Three significant earthquakes off the coast of Mexico on the 11 and 12 April 2012 are the latest in a series of tremors to occur alongthe country’s Pacific coast. An earthquake of magnitude 6.5 (M6.5) off central Mexico was followed by two of M6.2 and M6.9 which occurred in the Gulf of California hundreds of miles further north (United States Geological Survey).
Recent Earthquake Activity in Mexico
USGS earthquake listings show that between December 2011 and April 2012, Mexico saw a number of significant earthquakes (>M5.0), mostly located just off the Pacific coast within a relatively restricted area in Guerrero Province. The M6.5 follows a significant (M7.4) tremor which occurred on 24 March 2012 and a major aftershock of M6.0 on 2 April 2012. By comparison, the Gulf of California has seen no earthquakes of any significance in this period.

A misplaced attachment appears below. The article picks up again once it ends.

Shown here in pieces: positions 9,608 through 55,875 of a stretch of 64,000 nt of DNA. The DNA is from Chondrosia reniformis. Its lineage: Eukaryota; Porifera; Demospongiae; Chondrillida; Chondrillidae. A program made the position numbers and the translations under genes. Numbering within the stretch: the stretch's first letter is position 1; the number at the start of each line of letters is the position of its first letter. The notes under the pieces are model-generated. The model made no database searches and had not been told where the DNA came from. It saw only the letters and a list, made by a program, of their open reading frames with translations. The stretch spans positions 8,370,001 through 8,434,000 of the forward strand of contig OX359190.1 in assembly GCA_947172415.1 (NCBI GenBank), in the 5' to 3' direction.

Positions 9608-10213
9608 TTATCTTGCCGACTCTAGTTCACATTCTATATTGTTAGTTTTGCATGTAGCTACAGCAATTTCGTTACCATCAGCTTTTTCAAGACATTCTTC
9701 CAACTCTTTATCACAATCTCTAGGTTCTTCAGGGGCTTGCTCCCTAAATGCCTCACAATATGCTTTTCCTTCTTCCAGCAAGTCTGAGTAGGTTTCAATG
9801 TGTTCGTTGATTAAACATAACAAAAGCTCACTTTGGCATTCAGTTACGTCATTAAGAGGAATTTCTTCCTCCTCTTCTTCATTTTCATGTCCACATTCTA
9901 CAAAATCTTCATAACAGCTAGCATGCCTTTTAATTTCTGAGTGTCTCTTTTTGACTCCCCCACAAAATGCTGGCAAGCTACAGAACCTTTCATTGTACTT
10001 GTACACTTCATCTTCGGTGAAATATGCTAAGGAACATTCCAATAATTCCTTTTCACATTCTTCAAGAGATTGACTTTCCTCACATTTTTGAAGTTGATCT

Mexico’s Tectonic Setting: Were the Earthquakes Linked?
Earthquakes commonly occur in clusters, as movement transfers stress along fault lines. The most significant tremor in the cluster (the mainshock) is identified as the earthquake, while those before and after are known as foreshocks and aftershocks (a foreshock or aftershock to a major earthquake may be bigger than a mainshock elsewhere). In order to understand whether the most recent Mexico earthquakes are linked, we must consider the tectonic setting.
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